The main draw for the extras here for me continues to be the translation liner notes, which do a good job of describing key elements in more detail and providing historical factual tidbits to bring things into perspective. This is followed up with a new creditless ending as well as a new batch of dub outtakes of the show. Media Blasters was also gracious enough to include the original epilogue from the fourth episode here, which contains the original Japanese writing (the episode itself was provided clean, with an English scroll over done).

Content: (please note that content portions of a review may contain spoilers)
The change in this show is apparent from the moment it really starts after the credits. Flashbacks to Kenshin's days as the Battousai during the revolution. The assassinations in the street, the blood everywhere, the completely focused look in his eyes.

When you have these images, and then return to his present day life, with the children playing ball around him, Yahiko practicing with Kaoru, and in general, his usual routine, it really sinks in just how much he's changed over the years. And that he's definitely a different person from ten years earlier.

This is when Saito, former leader of the Third Squad of the Shinsengumi, returns to Kenshin's life to remind him of everything he was in the past. Saito, working for a politico who wants to have Kenshin eliminated, plots far deadlier deeds that intended and has his own plan in the works. He spends time getting to know the area, as we learn through flashbacks, and then proceeds to take down Sanosuke when he arrives at the dojo looking for Kenshin. The speed and cool ferocity at which this incident occurs is shocking, and one attack in particular even had me let out a sound of anguish, something that I rarely do with anime anymore.

This leads up to the eventual encounter between Saito and Kenshin, which provides a number of very chilling moments for the surrounding characters who suddenly find themselves involved. The fight sequence lasted much longer than I expected, but was definitely choreographed well. The viciousness in the attacks, masked under their cold calculating facade was wonderfully done, providing a real feel for these ultimate killers.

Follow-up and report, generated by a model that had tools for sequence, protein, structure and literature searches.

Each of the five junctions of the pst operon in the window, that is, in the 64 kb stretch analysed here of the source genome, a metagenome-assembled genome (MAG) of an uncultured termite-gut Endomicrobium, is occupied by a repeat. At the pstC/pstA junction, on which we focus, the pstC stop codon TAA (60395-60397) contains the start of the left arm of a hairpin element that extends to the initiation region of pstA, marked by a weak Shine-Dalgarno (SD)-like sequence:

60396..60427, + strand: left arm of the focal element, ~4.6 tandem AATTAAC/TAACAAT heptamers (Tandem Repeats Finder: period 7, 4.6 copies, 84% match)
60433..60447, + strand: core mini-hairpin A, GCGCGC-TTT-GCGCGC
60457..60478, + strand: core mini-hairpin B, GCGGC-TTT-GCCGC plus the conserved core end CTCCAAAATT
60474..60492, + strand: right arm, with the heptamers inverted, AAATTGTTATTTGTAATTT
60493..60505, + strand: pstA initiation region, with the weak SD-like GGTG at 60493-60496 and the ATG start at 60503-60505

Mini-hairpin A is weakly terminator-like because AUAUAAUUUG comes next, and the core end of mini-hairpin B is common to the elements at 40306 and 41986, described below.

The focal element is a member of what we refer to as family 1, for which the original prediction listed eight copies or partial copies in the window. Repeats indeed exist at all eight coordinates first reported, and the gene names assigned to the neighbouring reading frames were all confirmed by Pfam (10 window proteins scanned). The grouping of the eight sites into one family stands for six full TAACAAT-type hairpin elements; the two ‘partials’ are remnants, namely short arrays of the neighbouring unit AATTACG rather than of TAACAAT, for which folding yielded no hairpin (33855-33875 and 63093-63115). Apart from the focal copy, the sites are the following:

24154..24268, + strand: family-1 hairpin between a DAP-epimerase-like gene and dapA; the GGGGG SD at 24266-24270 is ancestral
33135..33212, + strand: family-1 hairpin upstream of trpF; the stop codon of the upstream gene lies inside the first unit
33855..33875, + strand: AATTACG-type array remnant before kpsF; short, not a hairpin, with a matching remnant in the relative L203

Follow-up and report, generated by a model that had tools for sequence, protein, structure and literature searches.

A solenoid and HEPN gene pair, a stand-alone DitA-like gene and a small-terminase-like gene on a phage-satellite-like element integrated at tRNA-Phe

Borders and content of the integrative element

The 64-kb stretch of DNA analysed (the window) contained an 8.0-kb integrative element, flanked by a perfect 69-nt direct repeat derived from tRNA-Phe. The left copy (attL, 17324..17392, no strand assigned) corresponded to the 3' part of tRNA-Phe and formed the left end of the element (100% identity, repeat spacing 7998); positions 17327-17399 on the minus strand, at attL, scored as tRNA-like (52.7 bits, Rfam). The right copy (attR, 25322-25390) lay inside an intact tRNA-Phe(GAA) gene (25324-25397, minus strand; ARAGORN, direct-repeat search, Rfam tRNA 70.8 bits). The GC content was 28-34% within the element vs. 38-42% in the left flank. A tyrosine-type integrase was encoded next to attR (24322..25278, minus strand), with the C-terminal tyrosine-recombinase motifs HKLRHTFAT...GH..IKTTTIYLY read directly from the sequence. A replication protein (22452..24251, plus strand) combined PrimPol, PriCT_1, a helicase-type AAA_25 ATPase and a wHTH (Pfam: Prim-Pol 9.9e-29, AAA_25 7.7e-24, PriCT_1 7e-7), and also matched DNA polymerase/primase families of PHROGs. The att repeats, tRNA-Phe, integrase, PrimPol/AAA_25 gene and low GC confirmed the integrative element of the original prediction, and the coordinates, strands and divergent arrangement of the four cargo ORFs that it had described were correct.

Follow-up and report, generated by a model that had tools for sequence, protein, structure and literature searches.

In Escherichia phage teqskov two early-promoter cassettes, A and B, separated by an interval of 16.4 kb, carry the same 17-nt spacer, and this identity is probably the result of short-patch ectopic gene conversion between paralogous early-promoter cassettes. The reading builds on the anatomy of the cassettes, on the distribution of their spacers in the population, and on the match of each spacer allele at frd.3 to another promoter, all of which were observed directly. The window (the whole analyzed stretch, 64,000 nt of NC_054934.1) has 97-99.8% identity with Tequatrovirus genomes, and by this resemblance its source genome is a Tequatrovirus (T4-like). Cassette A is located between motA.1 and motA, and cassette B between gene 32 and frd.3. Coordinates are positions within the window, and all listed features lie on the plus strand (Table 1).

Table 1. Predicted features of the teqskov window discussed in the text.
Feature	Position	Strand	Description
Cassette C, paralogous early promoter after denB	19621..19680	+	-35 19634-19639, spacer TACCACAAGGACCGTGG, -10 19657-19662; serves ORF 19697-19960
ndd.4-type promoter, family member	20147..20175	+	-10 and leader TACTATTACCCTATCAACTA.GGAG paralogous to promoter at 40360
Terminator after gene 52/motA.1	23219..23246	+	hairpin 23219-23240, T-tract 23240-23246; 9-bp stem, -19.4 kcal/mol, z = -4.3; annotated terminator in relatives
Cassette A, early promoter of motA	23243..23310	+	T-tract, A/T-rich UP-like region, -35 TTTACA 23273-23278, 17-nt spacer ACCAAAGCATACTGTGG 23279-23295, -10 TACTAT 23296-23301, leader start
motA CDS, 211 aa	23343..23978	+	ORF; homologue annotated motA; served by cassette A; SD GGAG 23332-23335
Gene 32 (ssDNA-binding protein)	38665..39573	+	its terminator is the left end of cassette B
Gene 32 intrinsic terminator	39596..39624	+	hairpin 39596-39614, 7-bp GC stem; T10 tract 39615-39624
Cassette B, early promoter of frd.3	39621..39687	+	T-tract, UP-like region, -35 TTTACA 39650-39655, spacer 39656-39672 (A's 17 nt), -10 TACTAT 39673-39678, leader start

Spoiler: One section that really got me, in both its beautiful but simple animation and its strong emotional push, is the final moments of the last episode with Kaoru outside watching the fireflies, when Kenshin returns. When he tells her that he's going to Kyoto, and she falls to the ground with waves of tears, the look and feel of this moment is very powerful. Not quite as much of an emotional punch as sequences from the Kenshin OVA's, but this is the first true emotional moment I've connected with in the TV series so far. End Spoiler

While I had enjoyed the first six volumes of the series, I know that by the seventh volume if things hadn't picked up in some way, I would have been tempted to drop it, especially if I hadn't known that this entire arc was coming up (and doing what I do, it's impossible not to learn many spoilers far in advance of shows even being licensed). But having finally made it to the start of the mythical Kyoto Arc, I'm looking forward to seeing what's coming instead of listening to "die-hard" fans moan and complain about how bad the episodes before it are. Things definitely look promising here.

Japanese Language,English Language,English Subtitles,Liner Notes,Creditless Ending,Dub Outtakes,Original Epilogue

Review Equipment
Toshiba TW40X81 40" HDTV, Skyworth 1050P Progressive Scan codefree DVD player, Sony STR-DE835 DD/DTS receiver, Monster component cable and Sony speakers.